Colleges and universities: eliminate early decision


Christina Xiong

Giving wealthier students the comfort to apply early blocks other equally qualified students from the opportunities higher education provides.

By Eliana Joftus

One student’s name has been changed for anonymity. 

For many high school seniors, mid-December brings more than festive holiday celebrations and mugs of hot chocolate; it’s that time of the year that marks the first wave of Instagram posts congratulating peers on college acceptances. Dominating social media feeds, ecstatic students celebrate their future entrances into their dream schools, while other seniors privately experience the disappointment of being rejected from their first-choice school. 

No matter how these decision results end up for students, binding early acceptances pose a striking problem: low-income students are often excluded from this part of the college application process. 

The early decision method provides students with a means of demonstrating willingness to commit to a school of preference. For most colleges, the difference between early and regular decision acceptance rates is stark. Tulane University, for example, has an early acceptance rate of 33% and a regular decision acceptance rate of 1%. 

Yet, many students are not able to participate in this useful process because they need financial assistance to afford post-high school education. Many schools don’t release their financial aid packages around March, deterring students who are unable to pay full freight for college from committing to a school before hearing back from others. Binding early application processes are unfair to financially burdened students, and colleges and universities should scrap them entirely.

Even before taking early decision into account, the college application process already caters to wealthy students who reap the benefits of tutors, campus visits and private college counselors. A Jack Kent Cooke Foundation study found that only 3% of students at the United States’ top universities come from families in the bottom financial quartile. Meanwhile, 72% of admitted students are from the top quarter of families with the highest incomes.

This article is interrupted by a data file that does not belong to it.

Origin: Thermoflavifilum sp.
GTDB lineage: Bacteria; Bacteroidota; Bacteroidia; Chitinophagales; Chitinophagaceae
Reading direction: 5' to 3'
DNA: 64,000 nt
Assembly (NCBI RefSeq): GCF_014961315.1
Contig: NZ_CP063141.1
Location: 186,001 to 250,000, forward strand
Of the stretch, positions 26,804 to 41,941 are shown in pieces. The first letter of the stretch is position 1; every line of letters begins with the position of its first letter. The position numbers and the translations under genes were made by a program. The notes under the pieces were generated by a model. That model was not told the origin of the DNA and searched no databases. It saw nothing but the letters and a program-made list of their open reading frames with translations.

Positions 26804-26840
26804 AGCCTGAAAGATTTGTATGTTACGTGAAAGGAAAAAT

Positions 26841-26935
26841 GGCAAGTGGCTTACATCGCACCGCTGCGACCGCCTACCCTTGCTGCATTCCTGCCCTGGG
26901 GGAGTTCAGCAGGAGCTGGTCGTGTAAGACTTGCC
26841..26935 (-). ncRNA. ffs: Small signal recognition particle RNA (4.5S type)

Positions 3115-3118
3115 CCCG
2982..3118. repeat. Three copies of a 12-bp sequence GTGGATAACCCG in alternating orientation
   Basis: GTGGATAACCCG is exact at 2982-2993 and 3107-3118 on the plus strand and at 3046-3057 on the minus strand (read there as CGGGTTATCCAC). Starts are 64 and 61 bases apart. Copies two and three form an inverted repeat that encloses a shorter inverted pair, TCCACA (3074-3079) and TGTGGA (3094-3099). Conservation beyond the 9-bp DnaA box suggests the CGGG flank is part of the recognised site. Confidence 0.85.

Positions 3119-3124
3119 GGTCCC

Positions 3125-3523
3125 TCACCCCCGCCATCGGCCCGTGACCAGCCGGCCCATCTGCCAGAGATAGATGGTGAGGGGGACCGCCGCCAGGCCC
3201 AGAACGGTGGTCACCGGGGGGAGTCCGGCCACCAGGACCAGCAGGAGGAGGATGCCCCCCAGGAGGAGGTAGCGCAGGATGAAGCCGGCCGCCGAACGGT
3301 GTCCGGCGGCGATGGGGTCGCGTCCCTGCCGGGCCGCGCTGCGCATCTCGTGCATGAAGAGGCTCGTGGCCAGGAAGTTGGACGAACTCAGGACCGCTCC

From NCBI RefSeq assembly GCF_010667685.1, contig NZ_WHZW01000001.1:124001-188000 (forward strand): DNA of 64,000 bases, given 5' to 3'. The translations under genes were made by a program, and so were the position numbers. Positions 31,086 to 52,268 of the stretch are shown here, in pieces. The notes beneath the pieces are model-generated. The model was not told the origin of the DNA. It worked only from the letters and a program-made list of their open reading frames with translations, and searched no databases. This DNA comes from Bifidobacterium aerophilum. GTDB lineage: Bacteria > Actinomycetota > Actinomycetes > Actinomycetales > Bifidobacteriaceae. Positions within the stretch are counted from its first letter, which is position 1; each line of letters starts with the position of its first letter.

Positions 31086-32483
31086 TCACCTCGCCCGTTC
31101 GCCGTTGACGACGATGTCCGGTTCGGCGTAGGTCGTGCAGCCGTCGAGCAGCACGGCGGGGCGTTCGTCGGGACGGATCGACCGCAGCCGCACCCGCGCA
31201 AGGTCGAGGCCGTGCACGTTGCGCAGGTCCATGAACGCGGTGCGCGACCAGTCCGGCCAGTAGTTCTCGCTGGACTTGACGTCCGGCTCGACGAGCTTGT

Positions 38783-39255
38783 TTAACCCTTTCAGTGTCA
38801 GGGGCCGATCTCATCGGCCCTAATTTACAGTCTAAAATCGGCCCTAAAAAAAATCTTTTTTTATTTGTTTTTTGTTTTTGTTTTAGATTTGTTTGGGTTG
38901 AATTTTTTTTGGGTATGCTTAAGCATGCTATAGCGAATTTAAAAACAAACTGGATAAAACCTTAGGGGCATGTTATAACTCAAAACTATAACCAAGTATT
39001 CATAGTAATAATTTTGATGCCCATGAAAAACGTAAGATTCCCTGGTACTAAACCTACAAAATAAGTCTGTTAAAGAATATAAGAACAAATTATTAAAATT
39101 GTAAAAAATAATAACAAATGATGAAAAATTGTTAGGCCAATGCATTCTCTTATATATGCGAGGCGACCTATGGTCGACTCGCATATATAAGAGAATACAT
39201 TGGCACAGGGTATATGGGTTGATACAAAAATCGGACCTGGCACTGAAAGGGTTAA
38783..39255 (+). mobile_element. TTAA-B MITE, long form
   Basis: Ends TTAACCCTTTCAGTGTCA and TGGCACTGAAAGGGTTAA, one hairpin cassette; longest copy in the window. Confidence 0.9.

“From expensive courses they take to prepare for taking the SAT and ACT exams, to their private college coaches, students from affluent families often learn about the advantages of applying early admission,” Harold O. Levy, an executive of the Cooke Foundation, wrote in a 2017 op-ed on the inequity of the early decision process.

Evidence of Levy’s thinking may seem particularly clear at Whitman, an affluent school. Even so, many Whitman students need loans for college. 

“If I were to get merit aid or financial aid or scholarship money, I’d be able to attend colleges,” senior Cory said. “But otherwise, I would need to take out a substantial amount of loans that my family’s not comfortable with me taking out in order to attend a good amount of colleges that I plan on applying to.”

Whitman’s competitive culture only worsens these inequities, and seems to heighten the undeniable benefits of early decision, Cory said. 

I definitely want to apply ED, but it’s not even an option for me,” Cory said. “There’s some schools that I really love to commit to but I just wouldn’t be able to pay for it.” 

Opponents argue that the early decision process should exist so students have the chance to show their devotion to a particular school. For example, need-blind admissions— a process in which colleges look at applicants without considering their financial situations — have previously helped some low-income students get accepted to schools earlier in the year. This process intends to level the playing field by disregarding the amount of money that a school would have to give to a certain student. Unfortunately, need-blind admissions don’t always help low-income families to a sufficient extent, leaving many students in need in the dust. 

“(…) only a few very wealthy colleges have committed to meeting full needs,” Levy wrote in a second op-ed. “Need-blind colleges still need to balance their budgets just like businesses, so not all students will receive all the financial aid they require to enroll.”

Need-blind admissions only cover up the advantages that wealthy kids receive during the college application process. The system paints the image that a college will do an ideal job assisting students financially, while in reality, so much more thought and choice goes into schools’ decisions than determination to provide aid. 

Colleges and universities are infamous for placing students of lower socioeconomic statuses at a disadvantage. The early decision process perpetuates this inequity. Giving wealthier students the comfort to apply early blocks other equally qualified students from the opportunities higher education provides. Getting rid of early decisions would allow college hopefuls to compete on a more level playing field, and signify a step toward education equality in this country.